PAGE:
New images of the million pound “digital playground” have been given the thumbs-up from the people of Dundee.
Dundee City Council has issued a call for applicants to design and deliver the interactive play park at Waterfront Place, to the east of V&A Dundee.
Taking pitches until early October, the council wants all designs to match its initial brief of a nautical play area inspired by whales and whale song.
The local authority has set aside between £900,000 and £1m to cover design and construction, with an aim of completing the entire Waterfront Place project by March 2021.
And it has attracted praise from locals and visitors alike after pictures were published this week.
Valerie Clark, formerly of Dundee but who now stays in Guildford said: “I think it’s a lovely idea to pay homage to Dundee’s whaling history.
“It will keep the area open and will stop it being covered by buildings.”
Elanor Brown, from Edinburgh, said: “I think it’s a really nice design. It will fit in well with all of the regeneration that has taken place at the waterfront.”
But Ashley Squire, from Coldside, insisted there were other issues that also had to be ironed out, saying: “It’s a nice design but there are issues with parking at the Waterfront.
“Perhaps they could revise the design to include more parking spaces for families wishing to use the playground.”
Council officers say they have only “very high” aspirations for the design and features of the play park, which is expected to have large numbers of visitors due to its proximity to the V&A.
In a design brief published as part of the bidding process, they express the hope that the facility will be “unique and very memorable”, with interactive elements such as keypads, buttons and features triggered by sensors.
“Planners also want to see it illuminated at night, like the V&A and the adjacent Discovery. “The intention for the play area is that it should be innovative in design, and ambitious in its unique identity,” they said.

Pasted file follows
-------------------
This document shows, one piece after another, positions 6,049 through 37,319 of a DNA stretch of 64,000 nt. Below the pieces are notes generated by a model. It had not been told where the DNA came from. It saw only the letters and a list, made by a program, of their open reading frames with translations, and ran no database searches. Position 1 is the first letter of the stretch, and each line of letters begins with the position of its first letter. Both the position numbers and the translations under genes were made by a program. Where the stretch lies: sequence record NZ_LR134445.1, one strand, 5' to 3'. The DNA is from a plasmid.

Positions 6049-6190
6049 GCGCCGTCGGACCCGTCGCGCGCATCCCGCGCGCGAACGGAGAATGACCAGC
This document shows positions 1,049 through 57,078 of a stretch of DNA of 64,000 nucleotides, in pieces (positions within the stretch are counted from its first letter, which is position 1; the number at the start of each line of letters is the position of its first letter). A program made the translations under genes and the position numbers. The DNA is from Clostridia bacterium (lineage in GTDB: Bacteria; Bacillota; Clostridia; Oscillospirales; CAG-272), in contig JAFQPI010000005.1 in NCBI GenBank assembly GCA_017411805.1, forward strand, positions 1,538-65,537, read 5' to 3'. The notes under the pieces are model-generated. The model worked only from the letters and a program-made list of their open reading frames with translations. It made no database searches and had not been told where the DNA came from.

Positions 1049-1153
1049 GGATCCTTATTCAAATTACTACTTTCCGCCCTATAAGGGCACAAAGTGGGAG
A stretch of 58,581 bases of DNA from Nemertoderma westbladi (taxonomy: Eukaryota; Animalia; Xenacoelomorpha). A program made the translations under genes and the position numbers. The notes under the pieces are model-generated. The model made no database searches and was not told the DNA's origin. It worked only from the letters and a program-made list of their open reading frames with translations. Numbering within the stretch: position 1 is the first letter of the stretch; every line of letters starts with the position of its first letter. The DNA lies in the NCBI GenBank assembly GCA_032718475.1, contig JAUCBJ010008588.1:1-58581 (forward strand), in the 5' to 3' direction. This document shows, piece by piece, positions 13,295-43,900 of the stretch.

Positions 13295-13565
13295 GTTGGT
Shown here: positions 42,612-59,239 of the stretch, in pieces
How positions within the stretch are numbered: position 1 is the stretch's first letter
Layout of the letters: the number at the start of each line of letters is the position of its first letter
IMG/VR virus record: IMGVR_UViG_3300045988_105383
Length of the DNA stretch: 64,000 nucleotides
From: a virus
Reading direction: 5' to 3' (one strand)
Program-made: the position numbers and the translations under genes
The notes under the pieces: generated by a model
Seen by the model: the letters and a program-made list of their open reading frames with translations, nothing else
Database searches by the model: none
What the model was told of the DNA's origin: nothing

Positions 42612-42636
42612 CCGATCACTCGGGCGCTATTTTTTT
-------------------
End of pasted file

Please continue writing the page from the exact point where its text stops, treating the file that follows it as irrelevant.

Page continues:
“There are fundamental starting points for the designers involved: that it is to be themed on whales, and that a digital element should be included.
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“The play area needs to be suitable for all ages and needs.”
The council is leaning heavily on Dundee’s historical whaling trade as inspiration for the play area. As well as specifying that the play area should be the shape of a whale it also wants kids to be able to create whale song.
Officers have even alluded to the bowhead whale – the preferred whale of the one-time Dundee whaler – as the ideal inspiration for any design.
Following the construction and opening of the park, the council aims to form a Whale Park Engagement Group with experts from Dundee Science Centre and the University of St Andrews to promote sustainable marine practices.
The launch of the design competition comes after Andy Scott, creator of the Kelpies sculptures in Falkirk, scrapped a plan for a whale sculpture in Waterfront Place.
Much like the play area, Mr Scott’s steel design would have been life-sized, inspired by the bowhead whale, and built as a tribute to the whaling trade.
However, the Scottish sculptor had to let his design – which he drew up at no cost to the council – “swim off into the sunset” after agents acting for the local authority ignored his pitch.